David Hemprich-Bennett started his PhD in the School of Biological and Chemical Sciences at Queen Mary University of London (QMUL) in 2014 after working a summer at Bristol University on their Bats in Churches project. We spoke to David to learn more about his PhD experience at the University.
12 September 2018
Why did you choose to do your PhD at QMUL?
I’ve done some broad research in ecology, conservation and genetics and QMUL was the perfect combination of things I had done in the past – my work on bats, tropical biology and DNA barcoding. I saw the project advertised online by my supervisors Dr Elizabeth Clare and Steve Rossiter and it felt like a great fit.
What has your PhD experience been like?
It’s been really good but also quite intense in terms of workload. I’ve been here for about four years including a year working in South East Asia, which was really cool. It’s been a fantastic learning experience. I didn’t really know how to do any technical work with computers such as programming but now I’m quite adept at that so I’ve had an opportunity to really expand my skills in this area. Spending a year in the jungle too was quite full on with so much vibrancy and life all around you. It was very hot and there was some physical labour involved but you’re a biologist living in a place full of amazing wildlife so it was like I was living my dream.
Tell us a bit more about your research on bats
A lot of people’s perception of tropical deforestation and conservation issues is around areas of forest being chopped down completely and converted into different land use types. However, more common than this is selective logging, forests are selectively logged at 20 times the rate that they are actually converted. Not a lot is known about these selectively logged areas and whether they are still of value for conservation. I’ve been working in both selectively logged forests and untouched primary rainforests and comparing the ecology of bats in those different places.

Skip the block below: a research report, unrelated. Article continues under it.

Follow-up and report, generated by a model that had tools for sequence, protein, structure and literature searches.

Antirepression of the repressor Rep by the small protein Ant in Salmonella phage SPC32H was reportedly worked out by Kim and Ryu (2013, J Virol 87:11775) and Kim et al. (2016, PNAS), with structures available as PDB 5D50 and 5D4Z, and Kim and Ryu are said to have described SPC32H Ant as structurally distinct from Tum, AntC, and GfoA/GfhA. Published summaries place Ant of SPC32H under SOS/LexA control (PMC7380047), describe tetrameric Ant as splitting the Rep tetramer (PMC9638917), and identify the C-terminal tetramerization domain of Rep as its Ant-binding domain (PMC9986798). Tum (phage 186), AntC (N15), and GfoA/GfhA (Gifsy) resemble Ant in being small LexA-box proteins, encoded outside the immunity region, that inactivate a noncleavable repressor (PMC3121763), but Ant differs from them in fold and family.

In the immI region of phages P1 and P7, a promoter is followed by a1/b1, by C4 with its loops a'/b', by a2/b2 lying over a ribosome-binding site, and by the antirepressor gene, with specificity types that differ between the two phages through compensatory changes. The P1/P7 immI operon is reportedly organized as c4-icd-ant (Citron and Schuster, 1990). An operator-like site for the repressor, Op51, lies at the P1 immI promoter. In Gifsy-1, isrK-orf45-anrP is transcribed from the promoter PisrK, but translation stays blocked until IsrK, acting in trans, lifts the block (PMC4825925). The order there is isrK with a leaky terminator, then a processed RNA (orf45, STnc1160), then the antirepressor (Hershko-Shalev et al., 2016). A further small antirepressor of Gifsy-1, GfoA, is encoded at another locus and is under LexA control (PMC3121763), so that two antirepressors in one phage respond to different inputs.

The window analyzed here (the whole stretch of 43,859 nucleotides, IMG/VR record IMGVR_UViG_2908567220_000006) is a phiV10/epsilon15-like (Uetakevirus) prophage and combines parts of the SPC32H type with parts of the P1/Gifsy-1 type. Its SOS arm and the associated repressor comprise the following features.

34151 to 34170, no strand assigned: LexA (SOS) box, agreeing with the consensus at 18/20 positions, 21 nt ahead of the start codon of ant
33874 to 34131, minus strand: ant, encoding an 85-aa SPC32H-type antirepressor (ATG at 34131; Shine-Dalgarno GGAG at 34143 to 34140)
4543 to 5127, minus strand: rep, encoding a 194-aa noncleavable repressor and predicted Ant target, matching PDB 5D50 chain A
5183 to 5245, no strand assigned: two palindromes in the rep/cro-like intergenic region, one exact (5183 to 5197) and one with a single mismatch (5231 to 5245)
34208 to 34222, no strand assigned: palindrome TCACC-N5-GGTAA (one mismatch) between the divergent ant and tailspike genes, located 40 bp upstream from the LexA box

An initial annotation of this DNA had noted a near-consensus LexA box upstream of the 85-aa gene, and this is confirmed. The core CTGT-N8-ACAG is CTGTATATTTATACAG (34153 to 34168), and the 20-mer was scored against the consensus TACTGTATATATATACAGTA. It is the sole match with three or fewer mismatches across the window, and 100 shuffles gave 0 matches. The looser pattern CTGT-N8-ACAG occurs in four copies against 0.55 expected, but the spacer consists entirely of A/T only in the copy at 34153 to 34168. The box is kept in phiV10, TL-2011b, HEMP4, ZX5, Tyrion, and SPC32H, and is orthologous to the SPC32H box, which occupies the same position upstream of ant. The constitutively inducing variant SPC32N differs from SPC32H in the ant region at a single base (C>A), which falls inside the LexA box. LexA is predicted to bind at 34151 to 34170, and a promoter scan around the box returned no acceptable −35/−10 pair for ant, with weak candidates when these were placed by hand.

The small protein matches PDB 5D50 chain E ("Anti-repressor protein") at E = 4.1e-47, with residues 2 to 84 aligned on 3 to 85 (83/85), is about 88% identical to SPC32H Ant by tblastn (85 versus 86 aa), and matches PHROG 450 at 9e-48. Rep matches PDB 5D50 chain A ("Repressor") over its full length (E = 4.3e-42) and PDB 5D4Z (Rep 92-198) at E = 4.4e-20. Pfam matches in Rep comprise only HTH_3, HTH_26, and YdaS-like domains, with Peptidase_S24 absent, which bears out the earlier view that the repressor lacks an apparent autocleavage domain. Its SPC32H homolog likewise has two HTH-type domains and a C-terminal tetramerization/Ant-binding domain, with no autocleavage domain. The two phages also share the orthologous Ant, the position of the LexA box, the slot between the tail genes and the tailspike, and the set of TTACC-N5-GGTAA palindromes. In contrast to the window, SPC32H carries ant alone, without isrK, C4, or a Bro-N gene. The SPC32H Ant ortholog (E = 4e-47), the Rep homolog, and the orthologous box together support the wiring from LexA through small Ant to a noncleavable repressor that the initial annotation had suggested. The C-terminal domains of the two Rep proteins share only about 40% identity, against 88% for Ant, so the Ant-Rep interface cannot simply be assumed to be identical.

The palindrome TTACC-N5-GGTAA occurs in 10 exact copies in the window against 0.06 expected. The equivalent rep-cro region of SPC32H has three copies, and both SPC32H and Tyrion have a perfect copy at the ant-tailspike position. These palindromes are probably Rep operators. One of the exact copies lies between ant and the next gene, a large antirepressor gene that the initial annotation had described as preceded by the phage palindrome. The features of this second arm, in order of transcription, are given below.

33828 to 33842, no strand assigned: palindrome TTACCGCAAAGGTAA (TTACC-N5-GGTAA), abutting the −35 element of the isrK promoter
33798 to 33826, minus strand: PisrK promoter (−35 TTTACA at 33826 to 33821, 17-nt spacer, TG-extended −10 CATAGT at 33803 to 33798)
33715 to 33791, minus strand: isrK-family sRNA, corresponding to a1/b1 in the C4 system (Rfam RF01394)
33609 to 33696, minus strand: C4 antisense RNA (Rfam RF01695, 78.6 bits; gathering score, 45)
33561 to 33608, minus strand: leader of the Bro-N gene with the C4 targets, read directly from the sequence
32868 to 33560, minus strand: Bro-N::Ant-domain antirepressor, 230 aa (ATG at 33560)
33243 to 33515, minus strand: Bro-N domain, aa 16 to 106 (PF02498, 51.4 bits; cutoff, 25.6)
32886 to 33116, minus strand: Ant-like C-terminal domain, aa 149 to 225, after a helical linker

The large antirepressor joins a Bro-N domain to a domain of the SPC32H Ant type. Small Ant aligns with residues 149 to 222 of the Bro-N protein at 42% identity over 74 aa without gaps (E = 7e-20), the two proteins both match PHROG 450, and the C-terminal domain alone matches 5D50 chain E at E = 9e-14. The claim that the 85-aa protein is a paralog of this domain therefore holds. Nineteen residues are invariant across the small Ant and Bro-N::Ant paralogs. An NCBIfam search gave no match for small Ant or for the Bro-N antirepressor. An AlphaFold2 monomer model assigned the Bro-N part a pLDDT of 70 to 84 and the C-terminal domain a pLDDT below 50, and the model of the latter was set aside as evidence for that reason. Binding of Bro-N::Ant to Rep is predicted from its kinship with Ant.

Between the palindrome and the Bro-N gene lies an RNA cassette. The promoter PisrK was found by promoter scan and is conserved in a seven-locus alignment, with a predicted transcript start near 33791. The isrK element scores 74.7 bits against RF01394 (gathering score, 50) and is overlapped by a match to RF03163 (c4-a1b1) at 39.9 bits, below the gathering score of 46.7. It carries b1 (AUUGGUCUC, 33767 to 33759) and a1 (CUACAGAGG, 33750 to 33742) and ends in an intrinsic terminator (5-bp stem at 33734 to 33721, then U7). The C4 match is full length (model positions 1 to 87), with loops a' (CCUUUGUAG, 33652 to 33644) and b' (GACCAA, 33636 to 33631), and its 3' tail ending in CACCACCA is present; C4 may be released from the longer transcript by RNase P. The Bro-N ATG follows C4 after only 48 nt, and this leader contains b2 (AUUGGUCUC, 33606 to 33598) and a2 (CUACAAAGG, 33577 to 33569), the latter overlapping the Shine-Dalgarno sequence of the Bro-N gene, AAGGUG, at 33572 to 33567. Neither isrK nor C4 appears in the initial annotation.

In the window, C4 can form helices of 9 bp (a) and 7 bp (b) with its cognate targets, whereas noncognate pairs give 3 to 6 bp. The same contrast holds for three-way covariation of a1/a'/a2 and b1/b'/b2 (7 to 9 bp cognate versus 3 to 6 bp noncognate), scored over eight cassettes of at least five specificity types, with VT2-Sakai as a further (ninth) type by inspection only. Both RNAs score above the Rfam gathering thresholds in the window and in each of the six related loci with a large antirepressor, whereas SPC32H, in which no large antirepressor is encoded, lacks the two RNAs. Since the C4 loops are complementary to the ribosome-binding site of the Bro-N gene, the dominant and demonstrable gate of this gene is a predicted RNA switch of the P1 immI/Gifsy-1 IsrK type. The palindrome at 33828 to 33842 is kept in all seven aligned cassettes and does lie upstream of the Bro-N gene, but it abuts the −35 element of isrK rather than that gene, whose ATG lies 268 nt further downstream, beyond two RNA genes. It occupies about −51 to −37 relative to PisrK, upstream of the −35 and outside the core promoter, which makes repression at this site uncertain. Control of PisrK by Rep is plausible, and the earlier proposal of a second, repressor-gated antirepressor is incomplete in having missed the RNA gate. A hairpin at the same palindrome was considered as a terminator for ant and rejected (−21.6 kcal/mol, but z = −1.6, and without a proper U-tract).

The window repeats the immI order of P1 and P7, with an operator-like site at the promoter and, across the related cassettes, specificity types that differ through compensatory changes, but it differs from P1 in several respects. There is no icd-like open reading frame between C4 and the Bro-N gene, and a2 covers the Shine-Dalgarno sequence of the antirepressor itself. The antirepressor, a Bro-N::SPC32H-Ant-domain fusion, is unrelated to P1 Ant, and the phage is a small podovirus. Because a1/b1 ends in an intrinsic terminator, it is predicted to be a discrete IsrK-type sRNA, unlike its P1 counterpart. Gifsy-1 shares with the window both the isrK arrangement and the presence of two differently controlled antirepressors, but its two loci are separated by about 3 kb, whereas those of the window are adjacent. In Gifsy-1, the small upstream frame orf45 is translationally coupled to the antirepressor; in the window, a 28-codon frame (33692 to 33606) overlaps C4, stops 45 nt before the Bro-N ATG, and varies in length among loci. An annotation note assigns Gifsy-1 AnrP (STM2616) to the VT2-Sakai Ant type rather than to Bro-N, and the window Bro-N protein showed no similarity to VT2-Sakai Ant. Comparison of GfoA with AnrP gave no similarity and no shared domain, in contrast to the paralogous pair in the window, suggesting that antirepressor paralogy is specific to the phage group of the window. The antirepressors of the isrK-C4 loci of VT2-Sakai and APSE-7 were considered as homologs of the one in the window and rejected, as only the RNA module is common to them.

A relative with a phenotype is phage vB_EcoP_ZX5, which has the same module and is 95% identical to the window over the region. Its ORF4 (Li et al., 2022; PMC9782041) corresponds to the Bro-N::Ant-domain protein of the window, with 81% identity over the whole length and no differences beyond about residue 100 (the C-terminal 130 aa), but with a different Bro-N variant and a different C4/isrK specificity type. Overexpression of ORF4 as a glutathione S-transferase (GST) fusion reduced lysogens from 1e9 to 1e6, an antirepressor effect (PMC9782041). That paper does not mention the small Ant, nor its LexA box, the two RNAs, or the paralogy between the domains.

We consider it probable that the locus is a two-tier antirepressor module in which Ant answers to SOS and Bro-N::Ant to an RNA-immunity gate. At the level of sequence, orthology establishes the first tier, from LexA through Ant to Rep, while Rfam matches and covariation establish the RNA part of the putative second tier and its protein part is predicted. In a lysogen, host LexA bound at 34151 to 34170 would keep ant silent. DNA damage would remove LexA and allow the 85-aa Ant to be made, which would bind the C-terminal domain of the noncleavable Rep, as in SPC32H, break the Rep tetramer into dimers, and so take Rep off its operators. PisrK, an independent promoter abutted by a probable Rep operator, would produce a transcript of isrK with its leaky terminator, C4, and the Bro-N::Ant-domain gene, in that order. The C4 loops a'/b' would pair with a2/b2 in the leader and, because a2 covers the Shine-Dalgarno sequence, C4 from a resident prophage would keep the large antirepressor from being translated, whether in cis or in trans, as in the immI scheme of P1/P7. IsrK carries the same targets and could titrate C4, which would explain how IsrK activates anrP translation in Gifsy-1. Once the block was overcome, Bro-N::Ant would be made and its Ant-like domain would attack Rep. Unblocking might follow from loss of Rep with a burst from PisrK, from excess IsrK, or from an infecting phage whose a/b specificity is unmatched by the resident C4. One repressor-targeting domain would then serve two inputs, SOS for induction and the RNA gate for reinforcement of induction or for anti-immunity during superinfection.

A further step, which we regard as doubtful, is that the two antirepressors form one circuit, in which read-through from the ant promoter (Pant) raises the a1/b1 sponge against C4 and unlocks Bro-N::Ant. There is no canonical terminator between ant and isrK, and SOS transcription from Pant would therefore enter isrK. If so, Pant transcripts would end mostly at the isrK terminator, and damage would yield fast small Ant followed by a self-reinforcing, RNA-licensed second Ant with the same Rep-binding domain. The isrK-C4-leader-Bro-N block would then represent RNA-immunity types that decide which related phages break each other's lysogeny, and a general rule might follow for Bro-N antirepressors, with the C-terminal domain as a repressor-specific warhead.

I catch bats, collect their guano (bat poo) and bring it back to the UK where I do some DNA analyses on it. From this, I am able to generate large food webs of different bats, what they feed on and then compare how the structure of those networks differ between primary and logged rainforests to see how their feeding ecology is changing.
In general, it seems that there is less prey available to bats in the logged areas although this varies depending on the bat species. Some species experience little effects but they are the species that are most adaptable and do best in the logged areas. The other species that are less adaptable seem to be consuming less diversity of prey, which could potentially affect their viability in the future.
What are your plans for the future?
I’ll be going out to Ghana to do some fieldwork in the autumn for my work at University of Oxford as a postdoctoral researcher. They are setting up a project with the Target Malaria consortium. There are plans in the next decade to do a gene drive to control pest species such as mosquitos. The aim of the consortium would be to potentially eradicate malarial mosquitos, which could effectively eradicate malaria. However, we also need to understand the possible ecological effects of doing this so we’ll be catching lots of mosquitos, their predators, and other insects in the area to develop food webs and predict what will happen if the malarial mosquito species was removed from the system.
What have you enjoyed most about your time at QMUL?
It’s been a great environment, which has exposed me to ideas I hadn’t thought about previously. I love that it’s one of the most diverse universities in the country and it’s been nice living and studying in London. There’s a thriving community of researchers here and there is a lot of collaboration between universities, which provides a lot of opportunities.
Check out some of the amazing photos of bats David has uploaded onto his Flickr page.
Interested in PhD opportunities at Queen Mary? View our current list of PhD projects here.
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